Plan B and rising living costs dent consumer spending
The figures are compared to the same period in 2020 and indicate the smallest uplift since April 2021.
Barclaycard sees nearly half of the nation’s credit and debit card transactions. Analysis of card spending found that spending on essential items grew 10.4% in January, the smallest rise in nine months.
This can largely be attributed to fuel spend seeing its slowest rate of growth (6.7%) since October 2021, as Plan B Covid restrictions throughout most of January meant Brits travelled less and worked from home instead of commuting.
Despite rising inflation, supermarket spending saw its smallest rise (13.6%) since before the onset of the pandemic. One reason for the slow growth was consumers shifting their spending to food and drink specialist retailers (up 67.3%), such as butchers, bakeries and recipe box services, as Brits chose to shop locally due to the work-from-home guidance and re-started meal kit subscriptions after the Christmas break.
Analysts at Barclaycard said that while these headwinds are likely to persist over the coming months, their near-term impact may be somewhat mitigated by anticipated uplifts from Valentine’s Day, growing inbound tourism, and Brits spending more on activities and experiences to lift their spirits during the winter months.
Spending on non-essential items saw noticeably smaller growth in January (6.1%) than in December (11.5%), likely due to the combination of Plan B guidance, and the continued rise in the cost of living.
This comes as nearly nine in 10 (89%) Brits say they’re concerned about the impact of rising inflation on their household finances, while three in 10 (30%) say they expect increasing household bills to affect the amount they spend on discretionary purchases.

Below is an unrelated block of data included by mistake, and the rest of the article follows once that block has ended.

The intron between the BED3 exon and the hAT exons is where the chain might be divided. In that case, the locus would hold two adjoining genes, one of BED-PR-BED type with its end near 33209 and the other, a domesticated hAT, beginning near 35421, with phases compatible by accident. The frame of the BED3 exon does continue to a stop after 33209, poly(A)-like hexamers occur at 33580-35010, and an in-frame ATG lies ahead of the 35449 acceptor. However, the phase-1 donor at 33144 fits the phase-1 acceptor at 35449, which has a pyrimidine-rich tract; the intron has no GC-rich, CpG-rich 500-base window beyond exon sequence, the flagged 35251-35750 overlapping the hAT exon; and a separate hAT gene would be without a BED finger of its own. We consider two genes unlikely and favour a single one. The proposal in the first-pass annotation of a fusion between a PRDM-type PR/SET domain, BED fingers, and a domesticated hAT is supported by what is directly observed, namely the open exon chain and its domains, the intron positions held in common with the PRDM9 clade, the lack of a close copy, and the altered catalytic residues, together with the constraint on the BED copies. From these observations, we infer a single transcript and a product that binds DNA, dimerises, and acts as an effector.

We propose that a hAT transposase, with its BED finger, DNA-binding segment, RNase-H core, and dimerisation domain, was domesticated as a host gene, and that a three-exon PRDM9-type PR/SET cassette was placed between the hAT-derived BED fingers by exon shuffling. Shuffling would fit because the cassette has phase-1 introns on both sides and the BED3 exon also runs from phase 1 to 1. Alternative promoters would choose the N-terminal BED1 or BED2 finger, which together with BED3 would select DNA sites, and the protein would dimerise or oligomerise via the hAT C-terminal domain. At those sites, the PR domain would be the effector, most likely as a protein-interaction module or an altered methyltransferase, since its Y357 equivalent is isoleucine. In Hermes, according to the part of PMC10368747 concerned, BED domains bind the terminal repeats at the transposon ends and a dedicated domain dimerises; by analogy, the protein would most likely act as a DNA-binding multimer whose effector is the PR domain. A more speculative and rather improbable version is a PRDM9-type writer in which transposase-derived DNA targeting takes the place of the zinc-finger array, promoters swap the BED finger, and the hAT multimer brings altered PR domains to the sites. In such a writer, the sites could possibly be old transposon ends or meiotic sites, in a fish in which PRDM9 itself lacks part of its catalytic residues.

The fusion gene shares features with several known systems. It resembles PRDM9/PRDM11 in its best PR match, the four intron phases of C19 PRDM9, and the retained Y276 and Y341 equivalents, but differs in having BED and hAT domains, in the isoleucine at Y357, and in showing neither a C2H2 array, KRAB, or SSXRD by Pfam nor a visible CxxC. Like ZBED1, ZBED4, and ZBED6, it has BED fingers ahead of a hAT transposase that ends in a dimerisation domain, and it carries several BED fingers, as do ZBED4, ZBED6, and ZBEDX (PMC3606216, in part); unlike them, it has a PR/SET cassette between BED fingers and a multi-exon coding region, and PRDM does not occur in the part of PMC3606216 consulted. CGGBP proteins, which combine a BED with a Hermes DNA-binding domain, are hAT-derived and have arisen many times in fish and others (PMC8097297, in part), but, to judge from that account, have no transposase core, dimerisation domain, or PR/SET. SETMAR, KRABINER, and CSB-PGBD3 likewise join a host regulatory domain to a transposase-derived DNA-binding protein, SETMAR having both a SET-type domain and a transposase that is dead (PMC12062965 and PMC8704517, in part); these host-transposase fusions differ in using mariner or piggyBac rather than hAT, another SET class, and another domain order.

With more Brits staying at home, face-to-face retail spending (excluding grocery) dropped 8.5%, while spend on clothing (4.9%) and sports and outdoor retailers (14.5%) recorded a lower level of growth than in December (8.8% and 22.0% respectively).
The travel sector was also impacted by Plan B restrictions, with public transport seeing a steeper decline (-44.4%) than last month (-28.1%) as working from home guidance saw Brits delay their return to the office.
Overall hospitality and leisure spending also slipped into decline (-6.3%) after five consecutive months of growth. Within that, the decline in restaurant spending continued to worsen (-17.5% in January, compared to -14.1% in December). Bars, pubs and clubs also saw a smaller month-on-month uplift (up 21.2%).
However, while hospitality and leisure declined overall, spending remained stable among both 16 to 24 and 25 to 34-year-olds (up 0.9% and 0.5% respectively), possibly due to younger consumers feeling less concerned about catching Covid-19, and being more comfortable with socialising.
Barclaycard predicts that Valentine’s Day will give retailers and restaurants a further boost, as almost three in 10 (28%) plan to celebrate the occasion, with this year’s budget set to increase from an average of £63 during lockdown in 2021, to an average of £77 this year.
Jose Carvalho, head of consumer products at Barclaycard, said: “January’s Covid restrictions, combined with the rise in the cost of living, clearly impacted consumer spending levels in January. While restaurants and bars, pubs and clubs were inevitably hampered by the ongoing pandemic, there are signs of brighter times ahead for hospitality as Brits say they’re planning to spend more on eating and drinking out to lift their spirits during the winter months.”
“The lifting of Plan B restrictions should also provide a welcome boost to many sectors, as workers travel back into the office and socialise over post-work drinks, while businesses will likely start to see the benefits of increased inbound tourism on retail sales too.”
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